Why Berea Hardwoods Pen Kits Are Different

by Mr. Jim Heusinger, President, Berea Hardwoods, Inc.

The Berea Hardwoods pen kits are not the same as the "discount' kits, generic kits or kits for people on a budget. All of these terms are very often used as a nice way of saying poorly made and/or inferior kits. Berea Hardwoods makes every attempt to offer kits that are well engineered, designed and plated.

"It would be very easy for us to cheapen the kits and sell them at a lower price. There are many ways to do this such as using a cheap tumbler 24k "epoxy" coated plating or to use less durable twist mechanisms or to put less ink in our refills or use cheap center rings, clips, etc.

Superior Plating

When we use 24k plating we use an upgraded 24k gold "rack" plating where each part in individually plated on a 'plating tree'. We offer a wide range of superior platings such as titanium gold, black titanium, real platinum, heavy sterling silver and chrome.

Superior Engineering

Our twist mechanisms are premium heavy duty ones. We employ good engineering to our kits to make them durable and able to function properly for many years. We design and make parts that look crisp and attractive.

A good example is our Flat Top American Ballpoint pen. On this kit we drop the twist mechanism down from the top of the pen. This method provides for superior durability and function. The center band on this kit is in three pieces and the black band is acrylic. This provides for a crisper look as well as increased durability.

Designed For The Kit Maker

Many or our kits have been engineered and designed by us specifically for kit makers and are not taken from generic pens meant for volume inexpensive pens in Asia.

The crafting of quality pens from our quality kits is straightforward and relatively simple. Pen crafting can be an enjoyable, rewarding and fun experience. All of our kits have been thoroughly tested and many have been sold for over 14 years. Pen crafting is, however, a learned skill. The process requires practice and the willingness to learn. My advise to you is this: If you don't have: 1. The mechanical ability; 2. The ability to read and follow instructions; 3. The patience to learn and 4. The proper equipment or the willingness to obtain the proper equipment... then I would suggest that you might try another endeavor. In the vast majority of cases where difficulties are encountered in making a kit, an error has been made by the pen-crafter. It is not usually an error with the kit. Examples include:

1. GLUE LEFT INSIDE THE BRASS TUBES All glue residue must be completely removed from inside the brass tubes. Glue residue can cause twist mechanisms to jam, be stiff or interfere with the fit of the components. Kits requiring exposed brass tubing in which the center band is to be pressed fit onto the tube requires that all glue be removed from the exposed brass tube.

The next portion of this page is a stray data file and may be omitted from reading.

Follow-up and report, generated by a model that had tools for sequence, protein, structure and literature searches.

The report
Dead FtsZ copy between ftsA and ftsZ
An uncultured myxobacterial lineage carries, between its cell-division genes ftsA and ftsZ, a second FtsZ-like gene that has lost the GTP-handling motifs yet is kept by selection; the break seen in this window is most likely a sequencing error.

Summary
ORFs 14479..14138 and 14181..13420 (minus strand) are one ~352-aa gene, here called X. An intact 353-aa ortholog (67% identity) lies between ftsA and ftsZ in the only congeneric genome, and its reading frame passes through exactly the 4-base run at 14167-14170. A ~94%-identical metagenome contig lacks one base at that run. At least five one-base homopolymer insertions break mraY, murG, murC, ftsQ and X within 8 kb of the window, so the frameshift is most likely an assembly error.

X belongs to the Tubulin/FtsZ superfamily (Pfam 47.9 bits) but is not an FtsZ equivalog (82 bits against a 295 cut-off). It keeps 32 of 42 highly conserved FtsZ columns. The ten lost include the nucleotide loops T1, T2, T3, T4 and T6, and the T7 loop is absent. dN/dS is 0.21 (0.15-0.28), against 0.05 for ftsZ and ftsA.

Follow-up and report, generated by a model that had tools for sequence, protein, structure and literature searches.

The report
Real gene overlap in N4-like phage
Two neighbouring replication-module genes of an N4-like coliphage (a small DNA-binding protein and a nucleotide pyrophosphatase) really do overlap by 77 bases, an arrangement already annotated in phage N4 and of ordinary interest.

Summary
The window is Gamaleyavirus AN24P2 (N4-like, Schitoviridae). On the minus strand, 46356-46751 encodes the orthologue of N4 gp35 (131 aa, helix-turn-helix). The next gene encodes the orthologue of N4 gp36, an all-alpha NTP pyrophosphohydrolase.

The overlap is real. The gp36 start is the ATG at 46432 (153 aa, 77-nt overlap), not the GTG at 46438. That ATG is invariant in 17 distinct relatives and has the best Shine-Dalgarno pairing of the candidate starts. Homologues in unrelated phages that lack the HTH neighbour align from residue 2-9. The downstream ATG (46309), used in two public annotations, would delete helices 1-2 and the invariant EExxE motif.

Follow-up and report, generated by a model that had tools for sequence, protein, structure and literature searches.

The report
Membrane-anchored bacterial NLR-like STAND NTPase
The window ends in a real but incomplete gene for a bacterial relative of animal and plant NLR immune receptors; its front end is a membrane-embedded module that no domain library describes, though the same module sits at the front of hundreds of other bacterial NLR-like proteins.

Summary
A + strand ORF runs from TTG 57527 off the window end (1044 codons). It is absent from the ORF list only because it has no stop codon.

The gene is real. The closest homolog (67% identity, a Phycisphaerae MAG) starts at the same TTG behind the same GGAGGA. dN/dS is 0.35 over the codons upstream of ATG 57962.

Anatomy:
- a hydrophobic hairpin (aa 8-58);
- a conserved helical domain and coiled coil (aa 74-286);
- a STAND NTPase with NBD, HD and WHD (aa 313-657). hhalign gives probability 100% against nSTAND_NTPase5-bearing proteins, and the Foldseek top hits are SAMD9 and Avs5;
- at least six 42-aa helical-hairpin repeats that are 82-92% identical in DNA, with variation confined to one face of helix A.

98% of pen kits are 'tube length sensitive'. The brass tubes cannot be shortened. Frequently, when squaring off the ends of the wood, brass and wood are removed therefore shorting the tube. This often happens when a barrel trimmer is used. Shortening the tubes can cause the pen not to work or cause the ink refill to extend out too far. Leave about 1/16" of wood extending past the end of the brass tube (prior to trimming) and trim this extra wood up to the brass tube and stop trimming.

When pressing parts together, great care must be taken to make sure that the matching parts are aligned, straight and not cocked. If the parts are cocked, then the matching parts can be compressed or expanded which can result in a major failure of the kit; the twist mechanism can jam and the other parts will not fit together properly.

We highly recommend that you purchase an arbor press to press parts together. An arbor press can be purchased for around $30.00 or less from Harbor Freight or ENCO. We discourage the use of wood clamps and horizontal vice assembly tools. No matter what method you use, make sure the parts are straight and not cocked and press slowly and carefully. Chamfer the opening of the pen tube to remove the sharp edge that can cause outward pressure and difficulty in assembly.

There is a tendency to over tighten the brass nut when you start turning a pen blank. This is okay. Once the pen is round, then the nut should be loosened and gently snuggled up. If this is not done, the pen blank can crack as you turn the wood down, as it becomes thinner. This usually happens when the pen is almost completely turned down.

Pen blanks (wood, plastic, Dymondwood´┐Ż, et cetera) can crack while drilling if not drilled correctly. You must run your drill press between 900 RPM - 1500 RPM. A speed under 900 RPM can cause the material to crack due to the pressure of not ejecting the chips fast enough. A speed over 1500 RPM can overheat the material and cause cracking.